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Robert Underwood Johnson, Clarence Clough Buell, Battles and Leaders of the Civil War: The Opening Battles. Volume 1., Organization of the two governments. (search)
ment Brig.-Gen. Samuel P. Moore. Nitre and Mining Bureau Brig.-Gen. I. M. St. John Colonel Richard Morton (Feb. 16, 1865). Conscription Bureau Brig.-Gen. John S. Preston, Chief Col. T. P. August, Supt. Prison camps Brig.-Gen. John H. Winder. Exchange of prisoners Col. Robert Ould, Chief. Commission of Patents Commissioner of Patents Rufus R. Rhodes. The Confederate States Navy Department. Secretary of the Navy: Stephen R. Mallory. Orders and detail Captain French Forrest Commander John K. Mitchell. Ordnance and Hydrography Commander George Minor Commander John M. Brooke. Provisions and clothing Assis't Surgeon John de Bree. Medicine and Surgery Surgeon W. A. W. Spotswood. Governors of the States during the War. Union States California Governor John G. Downey (1860-1) Governor Leland Stanford (1861-3) Governor Frederick F. Low (1863-8) Connecticut Governor William A. Buckingham (1858-66) Delaware Governor William
Robert Underwood Johnson, Clarence Clough Buell, Battles and Leaders of the Civil War: The Opening Battles. Volume 1., The defense of Fort Henry. (search)
he west side and one on the east at the foot of the island, took position and opened a vigorous and well-directed fire, which was received in silence until the killing of one man and the wounding of three provoked an order to open with the Columbiad and the rifle. Six shots were fired in return,--three from each piece,--and with such effect that the gun-boats dropped out of range and ceased firing. At night General Tilghman called his leading officers in consultation--Colonels Heiman, Forrest, and Drake are all that I can now recall as having been present. The Federal forces were variously estimated by us, 25,000 being, I think, the lowest. To oppose this force General Tilghman had less than four thousand men,--mostly raw regiments armed with shot-guns and hunting-rifles; in fact, the best-equipped regiment of his command, the 10th Tennessee, was armed with old flint-lock Tower of London muskets that had done the state some service in the war of 1812. The general opinion and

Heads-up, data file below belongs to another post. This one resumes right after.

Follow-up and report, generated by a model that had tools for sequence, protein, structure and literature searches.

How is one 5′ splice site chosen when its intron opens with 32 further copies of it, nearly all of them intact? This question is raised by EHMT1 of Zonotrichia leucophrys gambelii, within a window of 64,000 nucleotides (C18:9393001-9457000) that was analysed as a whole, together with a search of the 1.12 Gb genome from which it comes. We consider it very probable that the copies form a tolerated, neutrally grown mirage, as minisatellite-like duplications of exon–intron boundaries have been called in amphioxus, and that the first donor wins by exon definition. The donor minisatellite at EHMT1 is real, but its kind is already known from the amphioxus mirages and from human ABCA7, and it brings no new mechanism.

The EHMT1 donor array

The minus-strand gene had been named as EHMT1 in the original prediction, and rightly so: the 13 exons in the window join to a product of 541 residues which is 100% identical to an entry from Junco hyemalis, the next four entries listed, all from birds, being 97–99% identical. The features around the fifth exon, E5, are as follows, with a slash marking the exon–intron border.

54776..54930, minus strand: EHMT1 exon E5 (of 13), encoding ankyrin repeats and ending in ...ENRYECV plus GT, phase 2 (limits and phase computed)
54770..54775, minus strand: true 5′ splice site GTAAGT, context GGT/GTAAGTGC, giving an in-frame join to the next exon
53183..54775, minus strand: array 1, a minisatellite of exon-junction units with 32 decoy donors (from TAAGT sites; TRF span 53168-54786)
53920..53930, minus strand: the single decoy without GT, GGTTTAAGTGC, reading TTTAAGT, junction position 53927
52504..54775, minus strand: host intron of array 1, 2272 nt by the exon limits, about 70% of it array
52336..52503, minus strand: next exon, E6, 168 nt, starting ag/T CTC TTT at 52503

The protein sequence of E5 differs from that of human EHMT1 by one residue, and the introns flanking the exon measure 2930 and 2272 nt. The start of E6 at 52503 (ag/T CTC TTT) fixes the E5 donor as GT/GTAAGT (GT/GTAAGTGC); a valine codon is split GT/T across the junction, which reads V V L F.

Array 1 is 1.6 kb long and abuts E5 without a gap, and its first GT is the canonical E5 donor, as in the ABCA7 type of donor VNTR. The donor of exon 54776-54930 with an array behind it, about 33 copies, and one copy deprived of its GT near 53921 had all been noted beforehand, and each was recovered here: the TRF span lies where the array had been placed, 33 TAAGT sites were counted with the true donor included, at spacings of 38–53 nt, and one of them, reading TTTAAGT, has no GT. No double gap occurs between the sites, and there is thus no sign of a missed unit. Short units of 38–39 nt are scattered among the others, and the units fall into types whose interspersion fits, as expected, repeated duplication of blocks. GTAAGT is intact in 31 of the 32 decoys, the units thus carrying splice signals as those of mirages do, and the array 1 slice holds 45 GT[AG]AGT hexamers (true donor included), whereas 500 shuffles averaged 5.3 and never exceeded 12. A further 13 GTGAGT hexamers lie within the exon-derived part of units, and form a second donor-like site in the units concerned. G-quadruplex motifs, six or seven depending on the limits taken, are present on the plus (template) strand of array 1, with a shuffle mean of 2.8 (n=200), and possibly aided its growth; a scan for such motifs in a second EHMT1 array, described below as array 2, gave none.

Robert Underwood Johnson, Clarence Clough Buell, Battles and Leaders of the Civil War: The Opening Battles. Volume 1., The capture of Fort Donelson. (search)
s were now fully awake. They held their ground, returning in full measure the fire that they received. The Confederate Forrest rode around as if to get in their rear, Colonel John McArthur, originally of General C. F. Smith's division, but the go in turn. Nevertheless, Ransom changed front to rear coolly, as if on parade, and joined in the General retirement. Forrest charged them and threw them into a brief confusion. The greater portion clung to their colors, and made good their retred by the Federals in strength, the army should effect its retreat. A reconnoissance was ordered to make the test. Colonel Forrest conducted it. He reported that the ground was not only reoccupied, but that the enemy were extended yet farther arouplained upon what principle he appropriated all the transportation on hand to the use of his particular command. Colonel Forrest was present at the council, and when the final resolution was taken, he promptly announced that he neither could nor
Robert Underwood Johnson, Clarence Clough Buell, Battles and Leaders of the Civil War: The Opening Battles. Volume 1., chapter 12.47 (search)
re than 20,000 infantry could be mustered that morning. The Army of the Ohio in General Buell's hands had been made exceptionally well-trained soldiers for that early period of the war. The extreme Federal right was occupied by General Lew Wallace's division, while the space intervening between it and Rousseau's brigade was filled with from 5000 to 7000 men gathered during the night and in the early morning from General Grant's broken organizations. After exchanging some shots with Forrest's cavalry, Nelson's division was confronted with a composite force embracing Chalmers's brigade, Moore's Texas Regiment, with other parts of Withers's division, also the Crescent Regiment of New Orleans and the 26th Alabama, supported by well-posted batteries, and so stoutly was Nelson received that his division had to recede somewhat. Advancing again, however, about 8 o'clock, now reinforced by Hazen's brigade, it was our turn to retire with the loss of a battery. But rallying and taking
Robert Underwood Johnson, Clarence Clough Buell, Battles and Leaders of the Civil War: The Opening Battles. Volume 1., The first fight of iron-clads. (search)
d around the breech with 3-inch steel bands, shrunk on. These were the first heavy guns so made, and were the bow and stern pivots. There were also 2 6-inch rifles of the same make, and 6 9-inch smooth-bore broadside,--10 guns in all. During the summer and fall of 1861 I had been stationed at the batteries on the Potomac at Evansport and Aquia Creek, blockading the river as far as possible. In January, 1862, I was ordered to the Virginia as one of the lieutenants, reporting to Commodore French Forrest, who then commanded the navy yard at Norfolk. Commodore Franklin Buchanan was appointed to the command,--an energetic and high-toned officer, who combined with daring courage great professional ability, standing deservedly at the head of his profession. In 1845 he had been selected by Mr. Bancroft, Secretary of the Navy, to locate and organize the Naval Academy, and he launched that institution upon its successful career. Under him were as capable a set of officers as ever were